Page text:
Since 2013, the Davenant Institute has established itself as an intellectual leader in confessional Protestant resourcement, demonstrating a dedication to retrieving the depth and breadth of the Reformational heritage and in order to nurture Christian wisdom in the contemporary church. Over that time, we have built a robust network of scholars, pastors, and teachers committed to “translating” the wisdom of the church’s past to speak to the needs of the present.
In 2015 we launched The Davenant Latin Institute, aimed at equipping new translators to retrieve great theological texts in their original language. This grew into the Davenant Language Institute, incorporating Greek and Hebrew.
In 2019, launched Davenant Hall, offering simple online courses low on frills but high on substance. We framed theological education framed not as mere instruction, but as master and apprentice searching for wisdom.
Davenant Hall seeks to meet the growing needs of the Christian educational landscape today. We offer robusts foundation for theological literacy and Christian wisdom, equipping seminarians or grad students, as well as offering additional theological formation to pastors and leaders seeking an affordable alternative education.
This is available through indvidual courses, either graded or audited, as well as in our Certificate and MLitt degree programs. In these programs, over one or two years of mostly online study, along with residential intensives and discipleship weeks, students receive foundations of historic Protestant wisdom and language skills, along with deep dives into biblical theology, systematic theology, church history, philosophy, and more.
In the wake of the great retrieval that was the Protestant Reformation, a rekindled light of learning was kept burning by the diligent use of both old media and new. Scholars, teachers, and statesmen around Europe used the old-fashioned epistle and the new powers of the printing press to forge a collaborative enterprise of mutual learning and teaching to build up both the church and the commonwealth: the “Republic of Letters,” as it came to be called. While often formalized in new institutions and journals, this brotherhood transcended any particular institutional walls and laid the foundations of our modern world. Unfortunately, in our own time, both church and world, both right and left have been abandoning this humane learning, either retreating into the cave of anti-intellectualism, or barricading themselves in increasingly irrelevant institutions guarded by shibboleths and obsessed with status, credentials, and compliance forms. In this barren educational landscape, it is rare to find the confident cultivation of space for men of good will to openly wonder and move one another toward the good.
Into this valley of dry bones, the internet has descended, at once destabilizing and invigorating. Like it or not, the new tools of communication are here to stay, like the printing press before them. But we can only use them well if we build, like the old Republic of Letters before us, on the foundations of friendship and discipleship. This is the challenge that Davenant Hall is taking up.
Davenant Hall combines the rich theological and moral vision of Reformed Catholic orthodoxy with a self-conscious desire to create unique modern expressions of the old Republic of Letters. To that end, we advance and renew Christian wisdom for the digital age, harnessing the new powers of the internet to offer effective and flexible online instruction, and the old practices of community and mentorship to seek wisdom together through discipleship retreats and residential intensives at our Davenant House property. Taking these together, Davenant Hall allows students to engage the great tradition in order to mature and grow into whatever vocation God has given them. This curriculum affords students the opportunity to work through texts with guides who can enable students to more deeply know God’s two books, and themselves, in a way that moves them toward the mastery of wisdom: the effective grasp of Word and world, and the ability to see all things in the radiance the eternal Logos whose light enlightens all men and who can be found by those who seek Him.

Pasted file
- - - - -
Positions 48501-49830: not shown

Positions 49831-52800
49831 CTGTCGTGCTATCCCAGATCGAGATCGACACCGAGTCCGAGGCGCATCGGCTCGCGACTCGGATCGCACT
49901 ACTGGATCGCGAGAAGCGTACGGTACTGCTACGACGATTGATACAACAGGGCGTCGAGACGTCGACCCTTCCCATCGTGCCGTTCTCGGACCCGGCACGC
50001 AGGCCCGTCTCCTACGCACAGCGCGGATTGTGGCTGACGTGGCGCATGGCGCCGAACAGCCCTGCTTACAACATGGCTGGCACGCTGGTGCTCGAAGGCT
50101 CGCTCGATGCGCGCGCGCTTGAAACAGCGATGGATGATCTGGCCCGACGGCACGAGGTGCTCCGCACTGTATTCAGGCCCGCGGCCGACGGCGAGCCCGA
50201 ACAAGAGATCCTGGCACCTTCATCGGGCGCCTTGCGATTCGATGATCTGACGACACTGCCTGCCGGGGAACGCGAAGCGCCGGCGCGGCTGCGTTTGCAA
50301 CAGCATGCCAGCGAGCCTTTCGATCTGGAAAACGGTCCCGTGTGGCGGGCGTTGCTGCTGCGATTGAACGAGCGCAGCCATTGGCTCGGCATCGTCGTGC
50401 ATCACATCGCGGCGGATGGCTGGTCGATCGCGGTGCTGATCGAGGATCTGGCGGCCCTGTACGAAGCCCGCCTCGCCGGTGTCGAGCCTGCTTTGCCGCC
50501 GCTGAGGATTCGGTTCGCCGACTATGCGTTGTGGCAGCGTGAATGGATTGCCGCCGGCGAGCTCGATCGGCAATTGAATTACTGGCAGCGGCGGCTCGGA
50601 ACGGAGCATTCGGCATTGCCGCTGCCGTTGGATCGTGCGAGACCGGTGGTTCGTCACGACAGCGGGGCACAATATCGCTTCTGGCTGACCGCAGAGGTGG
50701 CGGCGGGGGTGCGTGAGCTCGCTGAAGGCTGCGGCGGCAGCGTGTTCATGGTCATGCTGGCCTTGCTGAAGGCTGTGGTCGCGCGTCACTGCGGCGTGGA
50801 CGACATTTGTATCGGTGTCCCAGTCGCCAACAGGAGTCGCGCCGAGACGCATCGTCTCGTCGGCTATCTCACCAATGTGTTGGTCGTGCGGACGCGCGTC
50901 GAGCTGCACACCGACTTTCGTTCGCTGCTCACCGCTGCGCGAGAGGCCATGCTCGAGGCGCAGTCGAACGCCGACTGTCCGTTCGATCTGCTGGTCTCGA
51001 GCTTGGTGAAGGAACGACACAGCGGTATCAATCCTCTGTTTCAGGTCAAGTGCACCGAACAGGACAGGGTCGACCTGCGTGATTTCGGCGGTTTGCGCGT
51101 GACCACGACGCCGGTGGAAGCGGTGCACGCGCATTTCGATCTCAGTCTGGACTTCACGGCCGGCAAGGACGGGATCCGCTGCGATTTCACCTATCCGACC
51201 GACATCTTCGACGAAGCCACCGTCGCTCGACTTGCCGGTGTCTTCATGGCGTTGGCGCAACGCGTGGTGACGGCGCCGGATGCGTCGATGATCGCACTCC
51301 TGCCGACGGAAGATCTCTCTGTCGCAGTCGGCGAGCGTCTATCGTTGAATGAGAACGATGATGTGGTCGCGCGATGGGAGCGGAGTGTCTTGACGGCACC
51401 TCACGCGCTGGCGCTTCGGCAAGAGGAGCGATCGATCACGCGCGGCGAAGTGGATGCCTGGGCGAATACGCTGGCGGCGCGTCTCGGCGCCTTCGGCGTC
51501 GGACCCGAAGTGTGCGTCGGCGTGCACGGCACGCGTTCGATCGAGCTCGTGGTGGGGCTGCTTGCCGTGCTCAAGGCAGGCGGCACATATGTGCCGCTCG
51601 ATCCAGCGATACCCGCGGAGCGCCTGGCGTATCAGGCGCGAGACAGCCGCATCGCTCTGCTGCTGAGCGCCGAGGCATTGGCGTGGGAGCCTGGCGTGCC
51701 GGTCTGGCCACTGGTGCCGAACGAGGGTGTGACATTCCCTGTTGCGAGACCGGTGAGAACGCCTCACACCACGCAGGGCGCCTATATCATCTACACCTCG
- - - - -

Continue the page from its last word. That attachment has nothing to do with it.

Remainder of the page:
While covering some of what an undergraduate Bible degree or M.Div covers, our program will be distinctive in both form and content. Our deep-dive, modular approach set us apart from intro courses typical in much Christian education today, which offer complete but cursory 30,000-ft. overviews Scripture, theology, and church history. These often leave students dazed and confused, with minimal retention. We believe the skills of close reading primary texts, and deeply wrestling with specific questions, equip students to appreciate larger issues and debates. This narrower focus also helps students to appreciate of the depths of particular theological questions, equipping them with the virtues of wisdom and humility. We want to cultivate intellectual virtues which enable lifelong learning and the ability to share wisdom with others. To this end, assessment will be focused primarily around class participation, comprehensive oral final exams, and term papers.
Although the bulk instruction is online, a centerpiece of of Davenant Hall is residential intensives. MLitt students are requried to attend two two-week Protestant Wisdom summer residential intensive courses Davenant House, our study and retreat center in upstate South Carolina. Residentials are not required for Certificate students, who instead undertake mentor-directed reading; however, Certificate attendees can take the Protestant Wisdom residentials (and other, shorter residentials) for credit it they are able to attend.
These residential courses follow a daily rhythm of worship, fellowship, labor, reading, discussion, and reflection, providing an opportunity to delve deep into key themes of Christian wisdom and discuss their application. All students will also be encouraged (and students in the M.Litt will be required) to spend at least one “Davenant Discipleship Week” at Davenant House as well. This will be a time of spiritual direction, Scripture reading, and reflection under the leadership of our Davenant House directors, Michael and Lynette Hughes. It will provide an opportunity to grow spiritually and meditate on how to integrate the learning of the past year.